Paul McCartney got a little help from some friends Saturday night at Dodger Stadium in Los Angeles.
First, McCartney’s former Beatles bandmate, Ringo Starr, joined him onstage for a few songs near the end of his concert – held just six days after Starr’s 79th birthday.
Starr played drums on two Beatles tunes – “Sgt. Pepper’s Lonely Hearts Club Band” and “Helter Skelter” – according to Variety. He later tossed his drumsticks into the crowd and jokingly acted as if he planned to throw McCartney’s bass guitar into the crowd too, the report said.
Later, Eagles guitarist Joe Walsh – who happens to be Starr’s brother-in-law – also took the stage, with the trio playing the Beatles song “The End,” part of the “Abbey Road” medley. (Starr is married to actress and model Barbara Bach, while Walsh is married to Bach’s sister, Marjorie Bach.)
Musician R. Kelly has been arrested on federal child pornography and obstruction of justice charges.
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The U.S. attorney’s office in Chicago said the pop star was arrested Thursday on a 13-count indictment. The singer was outside while walking his dog when he was arrested, Kelly’s publicist told ABC News.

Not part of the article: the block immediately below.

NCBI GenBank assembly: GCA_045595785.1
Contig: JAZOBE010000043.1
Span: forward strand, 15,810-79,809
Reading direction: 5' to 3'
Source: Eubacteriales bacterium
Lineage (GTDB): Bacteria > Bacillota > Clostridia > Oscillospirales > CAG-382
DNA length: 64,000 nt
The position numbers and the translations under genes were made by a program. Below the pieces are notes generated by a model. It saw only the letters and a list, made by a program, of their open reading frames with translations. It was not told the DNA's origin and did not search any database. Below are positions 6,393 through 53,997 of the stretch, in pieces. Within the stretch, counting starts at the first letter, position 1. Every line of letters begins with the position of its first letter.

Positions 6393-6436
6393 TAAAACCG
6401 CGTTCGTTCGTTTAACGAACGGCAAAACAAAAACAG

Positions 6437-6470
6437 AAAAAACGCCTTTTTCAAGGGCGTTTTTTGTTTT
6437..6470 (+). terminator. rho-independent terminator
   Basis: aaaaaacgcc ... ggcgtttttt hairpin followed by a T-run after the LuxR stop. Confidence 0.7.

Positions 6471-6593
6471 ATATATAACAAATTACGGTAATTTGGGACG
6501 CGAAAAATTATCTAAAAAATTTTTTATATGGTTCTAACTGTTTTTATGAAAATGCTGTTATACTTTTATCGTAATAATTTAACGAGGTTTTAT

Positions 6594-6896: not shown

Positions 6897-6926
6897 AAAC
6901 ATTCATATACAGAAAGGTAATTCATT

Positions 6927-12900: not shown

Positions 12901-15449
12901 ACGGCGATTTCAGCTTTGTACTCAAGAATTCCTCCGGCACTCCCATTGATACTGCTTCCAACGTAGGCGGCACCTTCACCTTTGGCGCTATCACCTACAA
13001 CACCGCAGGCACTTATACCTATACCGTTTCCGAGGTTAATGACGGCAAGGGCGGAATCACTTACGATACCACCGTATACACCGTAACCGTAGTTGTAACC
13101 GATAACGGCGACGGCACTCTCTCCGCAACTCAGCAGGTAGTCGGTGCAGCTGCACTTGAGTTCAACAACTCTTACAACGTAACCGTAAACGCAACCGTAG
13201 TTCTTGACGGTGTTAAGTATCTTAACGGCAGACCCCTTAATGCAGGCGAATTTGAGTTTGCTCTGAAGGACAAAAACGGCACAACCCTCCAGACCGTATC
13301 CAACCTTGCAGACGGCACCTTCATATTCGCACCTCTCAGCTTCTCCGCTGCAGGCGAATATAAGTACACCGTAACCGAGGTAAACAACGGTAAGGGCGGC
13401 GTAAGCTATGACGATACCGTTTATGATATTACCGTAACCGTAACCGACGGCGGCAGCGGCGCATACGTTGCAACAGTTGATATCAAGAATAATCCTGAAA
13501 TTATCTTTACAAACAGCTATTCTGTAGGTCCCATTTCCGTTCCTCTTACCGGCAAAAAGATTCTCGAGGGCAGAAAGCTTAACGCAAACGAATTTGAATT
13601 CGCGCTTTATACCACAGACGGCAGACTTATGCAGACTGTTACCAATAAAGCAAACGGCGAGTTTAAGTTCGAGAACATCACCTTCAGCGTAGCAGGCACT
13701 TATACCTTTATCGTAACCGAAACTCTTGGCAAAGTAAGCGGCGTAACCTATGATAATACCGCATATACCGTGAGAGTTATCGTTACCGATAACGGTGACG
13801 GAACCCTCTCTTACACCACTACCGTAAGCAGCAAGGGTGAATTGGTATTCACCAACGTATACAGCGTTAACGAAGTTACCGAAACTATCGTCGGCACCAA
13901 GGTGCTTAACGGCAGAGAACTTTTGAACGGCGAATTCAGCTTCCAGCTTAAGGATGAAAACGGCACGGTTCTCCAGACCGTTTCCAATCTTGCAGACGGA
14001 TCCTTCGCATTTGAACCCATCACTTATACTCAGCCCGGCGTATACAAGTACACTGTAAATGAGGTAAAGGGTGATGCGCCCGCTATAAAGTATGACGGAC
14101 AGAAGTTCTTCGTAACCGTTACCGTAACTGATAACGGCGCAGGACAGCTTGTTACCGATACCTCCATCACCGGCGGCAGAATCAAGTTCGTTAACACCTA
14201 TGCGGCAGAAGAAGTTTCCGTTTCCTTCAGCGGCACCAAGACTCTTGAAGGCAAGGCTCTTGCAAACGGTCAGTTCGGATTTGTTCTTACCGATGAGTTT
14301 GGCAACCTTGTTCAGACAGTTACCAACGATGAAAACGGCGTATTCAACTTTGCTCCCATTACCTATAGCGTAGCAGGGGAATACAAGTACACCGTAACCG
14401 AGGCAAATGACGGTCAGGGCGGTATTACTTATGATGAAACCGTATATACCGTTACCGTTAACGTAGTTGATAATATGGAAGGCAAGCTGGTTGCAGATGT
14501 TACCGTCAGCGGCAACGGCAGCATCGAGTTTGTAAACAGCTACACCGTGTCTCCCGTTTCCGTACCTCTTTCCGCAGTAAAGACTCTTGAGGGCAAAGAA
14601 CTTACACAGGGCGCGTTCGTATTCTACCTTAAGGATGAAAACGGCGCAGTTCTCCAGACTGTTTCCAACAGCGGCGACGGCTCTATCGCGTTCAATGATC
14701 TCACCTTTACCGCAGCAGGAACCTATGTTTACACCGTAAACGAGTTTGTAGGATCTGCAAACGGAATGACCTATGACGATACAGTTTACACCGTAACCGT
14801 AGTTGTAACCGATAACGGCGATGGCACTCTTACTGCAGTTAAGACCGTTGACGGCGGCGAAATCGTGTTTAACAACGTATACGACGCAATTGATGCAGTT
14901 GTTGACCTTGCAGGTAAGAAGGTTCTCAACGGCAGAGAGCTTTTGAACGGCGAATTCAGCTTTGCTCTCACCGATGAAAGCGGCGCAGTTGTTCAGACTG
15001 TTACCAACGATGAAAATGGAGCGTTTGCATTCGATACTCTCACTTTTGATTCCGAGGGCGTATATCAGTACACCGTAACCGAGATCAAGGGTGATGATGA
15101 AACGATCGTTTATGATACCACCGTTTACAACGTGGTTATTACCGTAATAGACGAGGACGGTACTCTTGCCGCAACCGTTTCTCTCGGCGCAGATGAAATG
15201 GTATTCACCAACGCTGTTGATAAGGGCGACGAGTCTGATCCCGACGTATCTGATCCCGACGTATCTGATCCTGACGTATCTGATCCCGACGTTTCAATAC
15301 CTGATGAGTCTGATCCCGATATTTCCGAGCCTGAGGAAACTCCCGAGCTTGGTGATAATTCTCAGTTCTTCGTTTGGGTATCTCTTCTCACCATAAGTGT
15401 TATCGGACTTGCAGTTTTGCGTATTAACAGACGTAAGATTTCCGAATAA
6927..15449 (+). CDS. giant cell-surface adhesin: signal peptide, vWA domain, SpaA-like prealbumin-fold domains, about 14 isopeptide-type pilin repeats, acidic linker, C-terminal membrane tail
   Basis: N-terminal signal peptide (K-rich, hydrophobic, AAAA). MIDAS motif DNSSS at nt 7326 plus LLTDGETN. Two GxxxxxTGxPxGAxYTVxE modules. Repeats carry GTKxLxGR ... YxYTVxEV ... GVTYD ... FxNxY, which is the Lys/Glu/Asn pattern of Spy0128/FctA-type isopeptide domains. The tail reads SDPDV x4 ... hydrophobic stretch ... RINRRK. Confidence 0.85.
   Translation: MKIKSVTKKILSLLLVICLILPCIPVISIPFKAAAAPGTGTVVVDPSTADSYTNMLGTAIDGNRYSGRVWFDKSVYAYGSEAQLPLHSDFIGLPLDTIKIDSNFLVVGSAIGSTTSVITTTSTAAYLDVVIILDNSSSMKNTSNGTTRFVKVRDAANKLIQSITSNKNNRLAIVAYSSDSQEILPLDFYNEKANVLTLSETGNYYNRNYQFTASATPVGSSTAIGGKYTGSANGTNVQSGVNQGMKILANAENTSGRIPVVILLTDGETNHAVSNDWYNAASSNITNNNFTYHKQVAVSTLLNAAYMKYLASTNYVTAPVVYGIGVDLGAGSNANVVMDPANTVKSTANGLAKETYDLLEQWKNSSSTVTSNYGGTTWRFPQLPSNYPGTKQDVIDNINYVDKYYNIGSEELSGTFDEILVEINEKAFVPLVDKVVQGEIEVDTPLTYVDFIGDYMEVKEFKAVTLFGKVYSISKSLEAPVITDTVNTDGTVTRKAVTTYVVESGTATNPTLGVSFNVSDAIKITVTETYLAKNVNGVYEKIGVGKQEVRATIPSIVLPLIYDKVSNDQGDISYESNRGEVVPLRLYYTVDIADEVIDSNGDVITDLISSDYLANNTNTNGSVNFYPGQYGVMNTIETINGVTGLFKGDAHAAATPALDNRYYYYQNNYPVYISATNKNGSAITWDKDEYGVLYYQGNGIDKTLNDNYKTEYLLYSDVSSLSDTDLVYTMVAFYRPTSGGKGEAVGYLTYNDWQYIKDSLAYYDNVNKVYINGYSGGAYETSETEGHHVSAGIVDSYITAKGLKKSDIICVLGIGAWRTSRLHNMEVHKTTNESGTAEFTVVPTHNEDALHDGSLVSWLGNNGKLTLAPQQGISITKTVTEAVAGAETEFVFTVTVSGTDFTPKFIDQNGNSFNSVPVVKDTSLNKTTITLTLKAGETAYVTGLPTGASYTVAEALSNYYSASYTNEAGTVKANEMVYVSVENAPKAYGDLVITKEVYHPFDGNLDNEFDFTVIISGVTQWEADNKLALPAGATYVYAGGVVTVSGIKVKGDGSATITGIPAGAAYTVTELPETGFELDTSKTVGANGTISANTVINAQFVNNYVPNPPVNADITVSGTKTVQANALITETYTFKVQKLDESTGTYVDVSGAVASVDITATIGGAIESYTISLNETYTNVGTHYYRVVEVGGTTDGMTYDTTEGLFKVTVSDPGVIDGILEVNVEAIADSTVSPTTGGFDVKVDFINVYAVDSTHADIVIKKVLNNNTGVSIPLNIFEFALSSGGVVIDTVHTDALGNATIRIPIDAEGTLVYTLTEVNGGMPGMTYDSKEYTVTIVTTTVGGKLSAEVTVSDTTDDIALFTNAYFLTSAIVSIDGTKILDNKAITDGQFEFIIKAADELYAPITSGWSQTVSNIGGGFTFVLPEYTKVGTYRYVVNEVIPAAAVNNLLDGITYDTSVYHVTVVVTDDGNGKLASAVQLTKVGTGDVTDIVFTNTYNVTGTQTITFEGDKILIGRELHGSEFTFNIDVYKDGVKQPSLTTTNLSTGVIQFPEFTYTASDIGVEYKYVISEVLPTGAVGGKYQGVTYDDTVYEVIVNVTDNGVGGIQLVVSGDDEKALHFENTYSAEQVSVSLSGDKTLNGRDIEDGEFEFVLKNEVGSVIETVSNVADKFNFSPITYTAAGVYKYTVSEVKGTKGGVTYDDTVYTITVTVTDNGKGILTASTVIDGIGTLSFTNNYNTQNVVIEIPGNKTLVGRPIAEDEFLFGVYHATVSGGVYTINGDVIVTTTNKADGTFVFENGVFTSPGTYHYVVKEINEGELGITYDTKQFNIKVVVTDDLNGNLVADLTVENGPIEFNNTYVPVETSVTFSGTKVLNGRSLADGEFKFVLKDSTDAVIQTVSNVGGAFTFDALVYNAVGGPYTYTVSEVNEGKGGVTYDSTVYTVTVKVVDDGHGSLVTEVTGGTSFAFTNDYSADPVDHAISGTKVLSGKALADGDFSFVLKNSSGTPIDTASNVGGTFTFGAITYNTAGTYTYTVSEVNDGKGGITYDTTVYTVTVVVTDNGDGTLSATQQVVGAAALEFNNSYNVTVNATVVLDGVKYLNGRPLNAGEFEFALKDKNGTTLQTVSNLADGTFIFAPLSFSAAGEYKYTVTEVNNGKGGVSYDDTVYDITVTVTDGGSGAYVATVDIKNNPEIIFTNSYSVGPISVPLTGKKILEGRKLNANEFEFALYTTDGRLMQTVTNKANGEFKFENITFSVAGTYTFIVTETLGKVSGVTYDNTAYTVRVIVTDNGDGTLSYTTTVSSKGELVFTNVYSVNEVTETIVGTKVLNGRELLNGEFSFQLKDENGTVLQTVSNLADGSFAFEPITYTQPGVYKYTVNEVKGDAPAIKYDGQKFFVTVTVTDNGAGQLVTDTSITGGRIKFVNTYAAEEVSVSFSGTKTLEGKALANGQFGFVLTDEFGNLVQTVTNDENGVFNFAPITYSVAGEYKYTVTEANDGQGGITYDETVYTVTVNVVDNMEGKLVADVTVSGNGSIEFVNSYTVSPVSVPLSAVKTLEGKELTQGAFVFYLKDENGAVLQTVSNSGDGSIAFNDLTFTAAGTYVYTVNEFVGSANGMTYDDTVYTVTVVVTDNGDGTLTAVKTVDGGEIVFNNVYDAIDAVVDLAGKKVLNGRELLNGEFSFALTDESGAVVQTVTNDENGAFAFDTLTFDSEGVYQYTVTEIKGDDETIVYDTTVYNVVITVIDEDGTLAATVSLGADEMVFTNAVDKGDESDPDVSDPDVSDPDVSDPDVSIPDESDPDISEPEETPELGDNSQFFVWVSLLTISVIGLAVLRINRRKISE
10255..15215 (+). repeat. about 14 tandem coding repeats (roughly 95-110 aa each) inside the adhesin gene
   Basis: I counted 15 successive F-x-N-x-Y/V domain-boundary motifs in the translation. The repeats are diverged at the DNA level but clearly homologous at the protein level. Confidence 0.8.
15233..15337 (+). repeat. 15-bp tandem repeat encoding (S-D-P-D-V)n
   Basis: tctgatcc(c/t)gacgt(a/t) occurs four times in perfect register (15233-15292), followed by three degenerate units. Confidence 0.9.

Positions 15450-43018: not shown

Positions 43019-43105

Separately, a five-count indictment has been handed up from the Eastern District of New York in Brooklyn that charges him with racketeering.
Country star John Rich and ‘The Five’ co-host Greg Gutfeld co-wrote the new song; all proceeds from ‘Shut Up About Politics’ will be donated to Folds of Honor — visit facebook.com/thefivefnc for details.
Megadeth singer/guitarist Dave Mustaine, who famously began his career as a member of Metallica, has been diagnosed with throat cancer. In a statement released Monday, Mustaine, 57, said that his diagnosis is “clearly something to be respected and faced head on — but I’ve faced obstacles before. I’m working closely with my doctors, and we’ve mapped out a treatment plan which they feel has a 90 percent success rate. Treatment has already begun.”
This inspiring pop song, available now on Spotify, Amazon Music, Apple Music and Google Play, was written by the eleven year-old singer-songwriter, who knows how to make magic happen, as the youngest runner-up in America’s Got Talent’s history and the only contestant to ever receive two Golden Buzzers.
“We are committed to ensuring that the 50th Anniversary of Woodstock is marked with a festival deserving of its iconic name and place in American history and culture,” Woodstock 50 LLC said in a statement. “Although our financial partner is withdrawing, we will of course be continuing with the planning of the festival and intend to bring on new partners. We would like to acknowledge the State of New York and Schuyler County for all of their hard work and support. The bottom line is, there is going to be a Woodstock 50th Anniversary Festival, as there must be, and it’s going to be a blast.”